Archives » 1970s

Reelin’ In the Years 103: Love is Life / Brother Louie (RIP Errol Brown)

I was sad to hear the news yesterday of the death of Errol Brown.

His band, Hot Chocolate, first came to my attention with this song in 1970.

Love is Life: Hot Chocolate

They were notable for being one of only three acts to have at least one (UK) hit in every year of the 1970s with Brown writing (or co-writing) most of them. In fact that run of chart success continued till 1984.

Perhaps their bravest release was Brother Louie, with a spoken word part which was voiced by British blues legend Alexis Korner.


Brother Louie: Hot Chocolate

Lester Errol Brown: 12/11/1943 – 6/5/2015. So it goes.

Memory Failure

It seems my memory has let me down. I originally categorised Canned Heat’s Let’s Work Together as Friday on my Mind 102 but have now discovered the song did not come out till 1970.

As a result I have now altered that post’s title and content slightly and the subsequent Friday on my Mind entries have been renumbered.

Advancing years, eh? It’s a bugger.

Reelin’ In the Years 102: My Brother Jake (RIP Andy Fraser)

A belated recognition of the passing of Andy Fraser, Free’s bassist.

It’s also an almost follow on to the “Jack” songs I posted over a couple of weeks not so long ago.

There’s some good mellotron on this too.

Free: My Brother Jake

Andrew McLan Fraser: 37/1952 – 16/3/2015. So it goes.

Reelin’ In the Years 101: Brain Damage and Eclipse

Not a single; and two tracks which run together on the LP but the second one seemed appropriate for today.

Pink Floyd: Brain Damage and Eclipse

Reelin’ In the Years 100: Light Flight (Take Three Girls)

Another TV theme from the (very) early 1970s – for the first BBC drama series to be broadcast in colour, Take Three Girls – except it wasn’t just a theme as it became a minor hit for the folk band Pentangle.

Pentangle: Light Flight

For completeness here is the title sequence from the first series of Take Three Girls.

Take Three Girls Titles

Reelin’ In the Years 99: Arthur of the Britons

Arthur of the Britons, starring Oliver Tobias, was an agreeably gritty early 1970s TV series made by the Welsh ITV company Harlech and broadcast in the children’s “hour.” The theme was written by prolific film composer Elmer Bernstein. I always thought it had similarities to the theme of my mother’s favourite soap Emmerdale Farm (which only became Emmerdale in 1989.)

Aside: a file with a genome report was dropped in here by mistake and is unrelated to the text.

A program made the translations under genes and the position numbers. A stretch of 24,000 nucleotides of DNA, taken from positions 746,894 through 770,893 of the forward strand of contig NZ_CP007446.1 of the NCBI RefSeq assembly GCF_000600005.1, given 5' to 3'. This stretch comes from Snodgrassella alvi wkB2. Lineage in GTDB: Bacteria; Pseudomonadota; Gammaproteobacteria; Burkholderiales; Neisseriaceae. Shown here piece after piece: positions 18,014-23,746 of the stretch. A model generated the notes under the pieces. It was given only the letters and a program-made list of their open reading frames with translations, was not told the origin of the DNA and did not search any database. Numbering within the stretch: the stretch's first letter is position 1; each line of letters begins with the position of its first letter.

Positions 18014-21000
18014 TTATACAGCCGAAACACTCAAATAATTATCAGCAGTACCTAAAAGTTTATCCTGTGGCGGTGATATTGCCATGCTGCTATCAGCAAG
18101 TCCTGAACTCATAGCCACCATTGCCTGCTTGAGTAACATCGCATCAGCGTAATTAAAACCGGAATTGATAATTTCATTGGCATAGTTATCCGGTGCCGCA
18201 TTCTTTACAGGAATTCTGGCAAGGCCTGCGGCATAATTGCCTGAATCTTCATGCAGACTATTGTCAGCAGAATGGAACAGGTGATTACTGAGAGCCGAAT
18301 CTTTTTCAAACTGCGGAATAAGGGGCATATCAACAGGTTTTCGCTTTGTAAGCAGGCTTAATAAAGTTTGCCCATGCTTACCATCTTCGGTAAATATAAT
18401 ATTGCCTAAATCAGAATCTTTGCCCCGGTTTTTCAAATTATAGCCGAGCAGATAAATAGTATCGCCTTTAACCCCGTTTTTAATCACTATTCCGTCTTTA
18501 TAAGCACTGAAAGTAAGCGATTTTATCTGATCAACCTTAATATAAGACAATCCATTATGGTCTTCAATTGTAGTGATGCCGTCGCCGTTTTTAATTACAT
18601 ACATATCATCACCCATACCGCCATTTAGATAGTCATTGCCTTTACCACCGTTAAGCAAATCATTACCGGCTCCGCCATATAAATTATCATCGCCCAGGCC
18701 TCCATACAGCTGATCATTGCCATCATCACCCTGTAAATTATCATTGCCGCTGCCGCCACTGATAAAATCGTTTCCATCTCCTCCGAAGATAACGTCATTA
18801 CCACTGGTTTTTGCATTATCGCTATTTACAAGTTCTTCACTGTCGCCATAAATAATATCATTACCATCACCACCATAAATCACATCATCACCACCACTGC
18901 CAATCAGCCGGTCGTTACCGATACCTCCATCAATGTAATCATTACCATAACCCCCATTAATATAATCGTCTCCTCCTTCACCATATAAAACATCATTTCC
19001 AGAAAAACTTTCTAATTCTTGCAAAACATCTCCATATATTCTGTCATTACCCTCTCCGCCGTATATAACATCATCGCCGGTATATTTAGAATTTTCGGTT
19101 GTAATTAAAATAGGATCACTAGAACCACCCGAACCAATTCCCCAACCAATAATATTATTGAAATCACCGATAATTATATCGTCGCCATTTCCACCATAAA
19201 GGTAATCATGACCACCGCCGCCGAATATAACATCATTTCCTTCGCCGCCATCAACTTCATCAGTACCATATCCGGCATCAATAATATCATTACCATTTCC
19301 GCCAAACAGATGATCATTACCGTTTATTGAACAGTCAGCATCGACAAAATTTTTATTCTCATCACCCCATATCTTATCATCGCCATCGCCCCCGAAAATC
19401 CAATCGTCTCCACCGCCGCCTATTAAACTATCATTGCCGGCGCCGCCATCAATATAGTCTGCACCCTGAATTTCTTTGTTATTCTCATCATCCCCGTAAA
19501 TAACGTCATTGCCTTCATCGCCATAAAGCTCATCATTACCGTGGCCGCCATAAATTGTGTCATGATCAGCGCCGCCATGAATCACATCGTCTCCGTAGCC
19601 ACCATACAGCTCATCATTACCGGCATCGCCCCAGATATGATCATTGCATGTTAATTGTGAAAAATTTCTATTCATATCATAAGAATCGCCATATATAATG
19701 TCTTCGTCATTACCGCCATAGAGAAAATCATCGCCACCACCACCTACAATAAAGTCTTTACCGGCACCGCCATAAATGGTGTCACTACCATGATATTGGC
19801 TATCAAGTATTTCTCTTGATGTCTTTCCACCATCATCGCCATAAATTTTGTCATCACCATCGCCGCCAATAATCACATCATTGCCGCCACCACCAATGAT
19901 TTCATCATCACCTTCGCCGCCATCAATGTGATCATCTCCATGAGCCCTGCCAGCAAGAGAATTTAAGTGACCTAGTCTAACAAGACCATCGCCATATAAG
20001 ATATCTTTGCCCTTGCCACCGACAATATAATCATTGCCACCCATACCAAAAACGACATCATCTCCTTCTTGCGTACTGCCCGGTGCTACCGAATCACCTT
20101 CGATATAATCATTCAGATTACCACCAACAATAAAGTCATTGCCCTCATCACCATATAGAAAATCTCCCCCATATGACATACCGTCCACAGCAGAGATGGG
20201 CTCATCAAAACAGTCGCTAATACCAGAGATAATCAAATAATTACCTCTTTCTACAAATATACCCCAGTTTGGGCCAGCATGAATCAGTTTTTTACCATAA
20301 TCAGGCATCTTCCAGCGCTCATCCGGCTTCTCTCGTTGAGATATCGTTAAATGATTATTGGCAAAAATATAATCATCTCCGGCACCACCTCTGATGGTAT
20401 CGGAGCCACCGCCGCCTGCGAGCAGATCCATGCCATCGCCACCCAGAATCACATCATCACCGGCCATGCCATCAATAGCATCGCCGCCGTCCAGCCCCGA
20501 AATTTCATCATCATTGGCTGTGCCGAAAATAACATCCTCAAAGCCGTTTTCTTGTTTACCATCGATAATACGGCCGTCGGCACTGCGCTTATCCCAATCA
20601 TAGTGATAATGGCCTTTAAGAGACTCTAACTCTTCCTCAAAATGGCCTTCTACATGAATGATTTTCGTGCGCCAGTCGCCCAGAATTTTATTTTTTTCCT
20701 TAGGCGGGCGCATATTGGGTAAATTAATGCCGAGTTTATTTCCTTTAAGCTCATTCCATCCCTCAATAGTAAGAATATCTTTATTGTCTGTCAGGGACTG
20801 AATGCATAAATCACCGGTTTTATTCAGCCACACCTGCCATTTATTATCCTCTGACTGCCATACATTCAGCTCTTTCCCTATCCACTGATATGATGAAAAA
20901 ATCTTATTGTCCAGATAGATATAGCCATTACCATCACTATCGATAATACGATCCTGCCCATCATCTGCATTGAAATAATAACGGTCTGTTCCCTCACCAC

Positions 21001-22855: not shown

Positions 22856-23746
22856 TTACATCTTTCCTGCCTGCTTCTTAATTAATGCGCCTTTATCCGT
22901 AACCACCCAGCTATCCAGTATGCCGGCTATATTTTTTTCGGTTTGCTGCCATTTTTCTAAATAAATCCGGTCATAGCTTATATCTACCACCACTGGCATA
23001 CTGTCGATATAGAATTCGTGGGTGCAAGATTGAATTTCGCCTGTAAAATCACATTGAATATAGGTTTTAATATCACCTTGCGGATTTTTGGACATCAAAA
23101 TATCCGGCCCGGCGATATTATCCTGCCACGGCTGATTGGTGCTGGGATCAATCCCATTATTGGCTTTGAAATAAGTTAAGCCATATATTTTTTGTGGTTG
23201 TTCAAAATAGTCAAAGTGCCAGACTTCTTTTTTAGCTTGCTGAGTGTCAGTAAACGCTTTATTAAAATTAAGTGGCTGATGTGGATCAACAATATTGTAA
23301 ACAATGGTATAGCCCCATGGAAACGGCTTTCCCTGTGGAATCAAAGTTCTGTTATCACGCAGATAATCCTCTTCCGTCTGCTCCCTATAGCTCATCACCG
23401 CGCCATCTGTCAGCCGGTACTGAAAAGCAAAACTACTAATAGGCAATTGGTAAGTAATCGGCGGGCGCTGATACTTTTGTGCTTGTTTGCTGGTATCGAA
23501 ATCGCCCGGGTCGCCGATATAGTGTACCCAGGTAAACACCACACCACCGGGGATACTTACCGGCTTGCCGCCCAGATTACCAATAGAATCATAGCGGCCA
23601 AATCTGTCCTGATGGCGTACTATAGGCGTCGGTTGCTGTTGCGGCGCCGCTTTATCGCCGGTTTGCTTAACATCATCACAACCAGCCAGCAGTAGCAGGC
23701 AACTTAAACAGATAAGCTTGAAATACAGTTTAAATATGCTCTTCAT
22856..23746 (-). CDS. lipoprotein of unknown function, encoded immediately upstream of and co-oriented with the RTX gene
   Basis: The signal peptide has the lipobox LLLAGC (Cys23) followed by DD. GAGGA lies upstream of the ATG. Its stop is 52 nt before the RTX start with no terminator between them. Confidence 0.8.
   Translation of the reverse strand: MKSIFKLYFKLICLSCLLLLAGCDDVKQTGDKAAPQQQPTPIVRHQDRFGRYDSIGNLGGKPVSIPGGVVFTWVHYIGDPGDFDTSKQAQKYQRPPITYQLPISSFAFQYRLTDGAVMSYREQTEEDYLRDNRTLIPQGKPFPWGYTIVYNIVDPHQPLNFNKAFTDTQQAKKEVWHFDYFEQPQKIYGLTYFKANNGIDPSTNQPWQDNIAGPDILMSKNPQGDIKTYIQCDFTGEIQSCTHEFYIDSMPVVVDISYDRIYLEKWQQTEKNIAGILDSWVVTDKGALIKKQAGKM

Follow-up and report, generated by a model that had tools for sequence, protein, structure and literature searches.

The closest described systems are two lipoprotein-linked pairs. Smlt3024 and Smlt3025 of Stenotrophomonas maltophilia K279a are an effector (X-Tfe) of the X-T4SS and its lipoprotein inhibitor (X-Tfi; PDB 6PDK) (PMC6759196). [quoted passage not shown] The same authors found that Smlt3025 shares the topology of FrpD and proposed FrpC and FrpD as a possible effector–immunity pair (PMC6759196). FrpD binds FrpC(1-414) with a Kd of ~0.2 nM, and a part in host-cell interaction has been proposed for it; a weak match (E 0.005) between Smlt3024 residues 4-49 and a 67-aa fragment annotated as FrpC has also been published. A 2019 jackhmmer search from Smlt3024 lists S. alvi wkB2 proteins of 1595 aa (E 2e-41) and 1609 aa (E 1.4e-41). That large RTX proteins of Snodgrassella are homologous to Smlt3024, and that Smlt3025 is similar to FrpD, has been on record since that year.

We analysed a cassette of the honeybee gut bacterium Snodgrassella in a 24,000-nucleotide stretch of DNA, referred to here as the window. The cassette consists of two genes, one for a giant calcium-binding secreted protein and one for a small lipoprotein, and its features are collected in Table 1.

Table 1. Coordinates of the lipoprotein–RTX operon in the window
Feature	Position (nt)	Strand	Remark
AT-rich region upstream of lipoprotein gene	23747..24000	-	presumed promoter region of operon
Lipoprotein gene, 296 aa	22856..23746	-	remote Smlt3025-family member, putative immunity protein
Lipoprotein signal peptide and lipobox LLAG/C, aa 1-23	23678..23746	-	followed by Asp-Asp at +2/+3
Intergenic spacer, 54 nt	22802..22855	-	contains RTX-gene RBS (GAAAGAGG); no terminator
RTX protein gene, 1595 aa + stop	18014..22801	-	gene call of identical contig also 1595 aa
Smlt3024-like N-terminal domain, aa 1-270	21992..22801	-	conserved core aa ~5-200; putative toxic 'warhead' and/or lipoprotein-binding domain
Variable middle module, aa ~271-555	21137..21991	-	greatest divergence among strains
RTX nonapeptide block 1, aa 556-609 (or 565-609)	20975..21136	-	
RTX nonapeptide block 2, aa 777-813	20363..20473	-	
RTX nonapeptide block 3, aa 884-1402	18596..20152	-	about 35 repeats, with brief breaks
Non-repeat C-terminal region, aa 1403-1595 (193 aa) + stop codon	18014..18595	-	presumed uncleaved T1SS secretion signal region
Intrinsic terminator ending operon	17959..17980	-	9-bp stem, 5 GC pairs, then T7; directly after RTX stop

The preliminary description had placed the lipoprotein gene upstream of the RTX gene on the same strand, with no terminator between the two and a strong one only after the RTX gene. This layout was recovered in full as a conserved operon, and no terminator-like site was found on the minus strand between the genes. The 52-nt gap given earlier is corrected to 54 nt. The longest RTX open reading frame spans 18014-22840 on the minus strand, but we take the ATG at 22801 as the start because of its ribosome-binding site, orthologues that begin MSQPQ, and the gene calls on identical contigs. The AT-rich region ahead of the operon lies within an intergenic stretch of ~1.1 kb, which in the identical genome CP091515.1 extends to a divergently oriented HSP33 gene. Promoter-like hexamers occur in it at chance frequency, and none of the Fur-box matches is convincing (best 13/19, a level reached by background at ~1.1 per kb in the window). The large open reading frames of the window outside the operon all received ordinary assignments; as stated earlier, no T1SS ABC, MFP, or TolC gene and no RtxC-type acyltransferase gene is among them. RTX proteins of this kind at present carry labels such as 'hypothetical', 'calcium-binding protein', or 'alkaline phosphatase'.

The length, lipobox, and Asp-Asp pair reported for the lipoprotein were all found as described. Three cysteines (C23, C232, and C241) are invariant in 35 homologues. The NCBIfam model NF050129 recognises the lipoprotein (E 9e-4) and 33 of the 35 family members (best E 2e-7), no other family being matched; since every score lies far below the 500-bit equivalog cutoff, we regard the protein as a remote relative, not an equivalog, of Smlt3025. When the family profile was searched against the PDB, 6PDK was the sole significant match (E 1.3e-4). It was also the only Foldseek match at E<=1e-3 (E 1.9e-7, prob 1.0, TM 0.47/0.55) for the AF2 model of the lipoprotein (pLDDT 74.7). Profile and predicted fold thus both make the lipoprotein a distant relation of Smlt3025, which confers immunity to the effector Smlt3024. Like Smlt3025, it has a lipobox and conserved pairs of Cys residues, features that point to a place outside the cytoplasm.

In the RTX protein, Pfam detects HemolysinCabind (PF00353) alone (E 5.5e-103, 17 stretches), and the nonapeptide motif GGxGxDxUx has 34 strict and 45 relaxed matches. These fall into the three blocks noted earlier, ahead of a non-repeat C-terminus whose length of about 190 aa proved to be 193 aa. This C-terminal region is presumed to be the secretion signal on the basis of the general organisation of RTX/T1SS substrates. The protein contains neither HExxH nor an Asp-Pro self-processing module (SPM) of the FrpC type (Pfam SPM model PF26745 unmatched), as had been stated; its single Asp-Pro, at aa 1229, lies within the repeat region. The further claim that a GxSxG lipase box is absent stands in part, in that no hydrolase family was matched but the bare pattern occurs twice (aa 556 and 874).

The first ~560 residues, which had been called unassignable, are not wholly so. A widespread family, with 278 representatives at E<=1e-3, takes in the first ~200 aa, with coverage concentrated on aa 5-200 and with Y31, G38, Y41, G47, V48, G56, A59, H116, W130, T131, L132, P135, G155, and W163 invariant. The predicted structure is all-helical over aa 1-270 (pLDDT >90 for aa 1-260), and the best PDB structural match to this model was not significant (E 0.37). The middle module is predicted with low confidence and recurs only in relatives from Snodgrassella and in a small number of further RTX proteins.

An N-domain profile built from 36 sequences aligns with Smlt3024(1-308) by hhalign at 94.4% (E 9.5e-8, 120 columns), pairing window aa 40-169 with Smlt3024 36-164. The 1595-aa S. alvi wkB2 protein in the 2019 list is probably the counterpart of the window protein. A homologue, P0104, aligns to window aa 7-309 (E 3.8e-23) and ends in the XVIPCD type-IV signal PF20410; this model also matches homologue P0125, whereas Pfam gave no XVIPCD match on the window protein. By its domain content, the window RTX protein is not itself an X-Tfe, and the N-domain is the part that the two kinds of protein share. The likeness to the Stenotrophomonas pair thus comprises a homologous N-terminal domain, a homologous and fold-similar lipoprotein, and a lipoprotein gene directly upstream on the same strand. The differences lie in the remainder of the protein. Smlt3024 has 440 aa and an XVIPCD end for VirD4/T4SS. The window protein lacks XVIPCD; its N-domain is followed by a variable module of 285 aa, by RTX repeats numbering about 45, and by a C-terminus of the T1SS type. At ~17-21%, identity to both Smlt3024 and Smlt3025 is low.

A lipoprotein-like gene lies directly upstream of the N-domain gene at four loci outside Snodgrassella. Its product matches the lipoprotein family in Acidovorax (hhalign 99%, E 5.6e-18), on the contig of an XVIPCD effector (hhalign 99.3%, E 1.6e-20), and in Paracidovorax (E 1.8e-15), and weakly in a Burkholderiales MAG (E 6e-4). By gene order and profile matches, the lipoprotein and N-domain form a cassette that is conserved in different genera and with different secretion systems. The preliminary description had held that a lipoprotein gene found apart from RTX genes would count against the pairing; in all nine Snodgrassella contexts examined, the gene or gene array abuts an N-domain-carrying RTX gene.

Arthur of the Britons theme tune

Reelin’ In the Years 98: Mr President. RIP Dozy

Another member of the most idiosyncratically named band of the 60s, Dozy, bassist of Dave Dee, Dozy, Beaky, Mick and Tich fame, has died.

This isn’t one of Dave Dee, Dozy, Beaky, Mick and Tich’s big hits. It doesn’t feature Dave Dee at all and was recorded and released in 1970 after he left the group when the band had shortened its name to the remaining members initials. This track apparently has the first use of a Moog Modular Synthesiser.

D B M & T: Mr President

Trevor Leonard Ward-Davies (Dozy): 27/11/1944 – 13/1/2015. So it goes.

Reelin’ In the Years 97: Farewell is a Lonely Sound – RIP Jimmy Ruffin

I saw Jimmy Ruffin’s obituary in the Guardian this week. Another one down.

Perhaps forever haunted by What Becomes of the Broken Hearted, of which his version is still the best, he had relatively little other success.

I’ve Passed This Way Before didn’t seem quite appropriate. This one, more so.

Jimmy Ruffin: Farewell is a Lonely Sound

Jimmy Lee Ruffin: 7/5/1936 – 17/11/2014. So it goes.

Reelin’ In the Years 96: RIP Alvin Stardust

A few days ago it was Raphael Ravenscroft, now Alvin Stardust. In the words of another 70s song, “They’re dropping down like flies, man.”

I don’t remember Alvin Stardust’s first pop incarnation. (Apparently on his comeback, Tony Blackburn – who has a running joke with Graham Norton that he still hasn’t been arrested – bumped into him backstage on Top of the Pops one week and said to him, “Didn’t you used to be Shane Fenton?) I’d heard the name but couldn’t put a tune or face to it.

I do, though, remember the 1970s records and leather clad appearances on TV – complete with outrageous size ring worn outside his glove – and thought he was rather sending up the rock hard man schtick.

I haven’t opted for either of his two big hits, Jealous Mind nor My Coo Ca Choo, though.

Alvin Stardust: Red Dress

Bernard William Jewry – aka Shane Fenton; aka Alvin Stardust. 27/9/1942 – 23/10/2014. So it goes.

Reelin’ In the Years 95: RIP Raphael Ravenscroft – Baker Street

Sad to hear that the man who really played the signature saxophone solo of the 1970s, Raphael Ravenscroft, has died.

Apparently he wasn’t satisfied with his famous contribution to Gerry Rafferty’s Baker Street. “I’m irritated because it’s out of tune,” he said. “Yeah, it’s flat. By enough of a degree that it irritates me at best.”

Judge for yourselves.

Gerry Rafferty: Baker Street

Raphael Ravenscroft, 4/6/1954 – 19/10/2014. So it goes.

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